”The Assassin” the first biography of Tsafendas,

24grammata.com /απόδημος ελληνισμός / αφιέρωμα: Τσαφέντας / Tsafentas (κλικ εδώ)
“Ο φονιάς” η πρώτη βιογραφία του Δημήτρη Τσαφέντα
       από την εφημερίδα: ΤΗΕ ΝEW YORK TIMES
      The Worm Did It
      By Rob Nixon
      Published: June 24, 2001

      A Story of Race and Rage in the Land of Apartheid.
By Henk Van Woerden.Translated by Dan Jacobson.
176 pp. New York: Metropolitan Books/Henry Holt & Company. $23.

Nov. 22, 1963: All the adults at my birthday party lurch toward the radio as the South African announcer declares John F. Kennedy dead. Sept. 6, 1966: the second assassination date etched in boyhood memory. The South African prime minister is stabbed four times, in full view of Parliament. Hendrik Verwoerd, grand wizard of white supremacy, dies from a punctured lung and heart. The news electrifies the nation’s black and white communities.

If Kennedy’s assassination spawned whole libraries of speculation, the Verwoerd case was quickly sealed. Dimitri Tsafendas was a ”mad Greek” who followed instructions from a giant tapeworm. An insane act by an insane man. Case closed. Even Nelson Mandela dismissed Tsafendas as an ”obscure white messenger.”
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In ”The Assassin,” the first biography of Tsafendas, Henk Van Woerden has rescued this ”mad Greek” from obscurity, whiteness and insanity. Van Woerden, a Dutch writer who spent his youth in South Africa, interviewed Tsafendas in the mental institution where he died in 1999 at 81. From these interviews, through creative sleuthing and from files in South Africa’s state archives, Van Woerden has pieced together a politics and a history for a man permitted neither.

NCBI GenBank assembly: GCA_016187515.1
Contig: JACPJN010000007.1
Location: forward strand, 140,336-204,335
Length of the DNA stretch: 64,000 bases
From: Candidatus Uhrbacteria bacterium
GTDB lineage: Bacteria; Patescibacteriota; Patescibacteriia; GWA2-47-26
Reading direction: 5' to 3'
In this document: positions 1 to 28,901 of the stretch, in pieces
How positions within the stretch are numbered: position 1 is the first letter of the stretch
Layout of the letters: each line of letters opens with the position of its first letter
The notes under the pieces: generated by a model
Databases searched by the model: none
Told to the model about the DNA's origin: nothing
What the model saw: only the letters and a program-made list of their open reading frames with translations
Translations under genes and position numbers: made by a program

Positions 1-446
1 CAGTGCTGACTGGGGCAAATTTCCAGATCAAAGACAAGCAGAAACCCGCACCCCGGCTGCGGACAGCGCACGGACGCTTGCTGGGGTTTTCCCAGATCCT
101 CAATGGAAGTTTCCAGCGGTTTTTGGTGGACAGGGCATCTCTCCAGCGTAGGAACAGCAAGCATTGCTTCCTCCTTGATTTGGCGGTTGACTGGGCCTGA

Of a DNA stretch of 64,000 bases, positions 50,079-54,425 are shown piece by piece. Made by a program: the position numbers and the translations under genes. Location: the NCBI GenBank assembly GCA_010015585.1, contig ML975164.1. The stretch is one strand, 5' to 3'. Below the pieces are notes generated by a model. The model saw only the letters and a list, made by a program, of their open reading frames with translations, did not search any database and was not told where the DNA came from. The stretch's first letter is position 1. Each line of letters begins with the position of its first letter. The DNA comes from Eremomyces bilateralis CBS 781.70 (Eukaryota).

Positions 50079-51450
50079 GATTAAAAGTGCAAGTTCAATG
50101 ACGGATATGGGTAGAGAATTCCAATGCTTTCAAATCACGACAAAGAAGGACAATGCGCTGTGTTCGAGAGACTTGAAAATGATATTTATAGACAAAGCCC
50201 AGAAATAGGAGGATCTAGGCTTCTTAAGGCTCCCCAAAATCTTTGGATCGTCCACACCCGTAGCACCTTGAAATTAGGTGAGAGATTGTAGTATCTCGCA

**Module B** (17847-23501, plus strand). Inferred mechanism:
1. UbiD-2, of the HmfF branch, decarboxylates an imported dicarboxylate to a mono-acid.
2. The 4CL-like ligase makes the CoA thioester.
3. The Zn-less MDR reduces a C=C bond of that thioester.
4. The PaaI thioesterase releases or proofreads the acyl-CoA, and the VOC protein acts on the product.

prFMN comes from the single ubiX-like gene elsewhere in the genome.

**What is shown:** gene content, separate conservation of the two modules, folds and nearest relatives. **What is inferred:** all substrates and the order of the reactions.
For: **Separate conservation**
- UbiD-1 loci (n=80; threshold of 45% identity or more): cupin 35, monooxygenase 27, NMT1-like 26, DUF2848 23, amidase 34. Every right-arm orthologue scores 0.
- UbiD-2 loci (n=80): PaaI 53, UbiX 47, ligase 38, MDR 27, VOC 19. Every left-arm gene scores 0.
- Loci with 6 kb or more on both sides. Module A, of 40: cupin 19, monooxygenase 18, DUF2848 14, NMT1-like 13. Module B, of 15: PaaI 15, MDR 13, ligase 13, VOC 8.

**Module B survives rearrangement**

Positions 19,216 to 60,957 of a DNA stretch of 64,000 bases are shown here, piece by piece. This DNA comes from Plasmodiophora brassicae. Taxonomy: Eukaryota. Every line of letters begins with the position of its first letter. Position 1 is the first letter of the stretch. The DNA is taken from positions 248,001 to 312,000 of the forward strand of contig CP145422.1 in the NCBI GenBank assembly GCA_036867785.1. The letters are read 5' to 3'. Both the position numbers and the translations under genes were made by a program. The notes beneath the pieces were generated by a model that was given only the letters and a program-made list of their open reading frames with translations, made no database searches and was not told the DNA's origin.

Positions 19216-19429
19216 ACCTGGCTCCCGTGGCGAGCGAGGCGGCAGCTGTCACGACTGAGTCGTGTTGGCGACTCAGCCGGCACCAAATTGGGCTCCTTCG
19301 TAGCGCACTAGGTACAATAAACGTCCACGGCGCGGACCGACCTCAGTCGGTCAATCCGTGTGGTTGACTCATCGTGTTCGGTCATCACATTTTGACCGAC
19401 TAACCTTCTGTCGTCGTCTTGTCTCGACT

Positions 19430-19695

Tsafendas, it emerges, lived as an illegitimate from conception to coffin. His Crete-born father, Michaelis, emigrated to Portuguese East Africa, later Mozambique, where he kept a mixed-race maid, Amelia Williams, who was also his concubine. When Williams gave birth to Tsafendas, the child threatened to become a scandal. Michaelis dismissed the mother and she disappeared. He sent the boy to Alexandria, Egypt, to be reared by a grandmother. When she grew frail Dimitri returned to his father.

Not until he was 18 did Tsafendas learn of his origins. They explained a lot: his rejection by his father and Greek stepmother; family-condoned sexual abuse; the racial tauntings he endured when sent away to a white South African boarding school.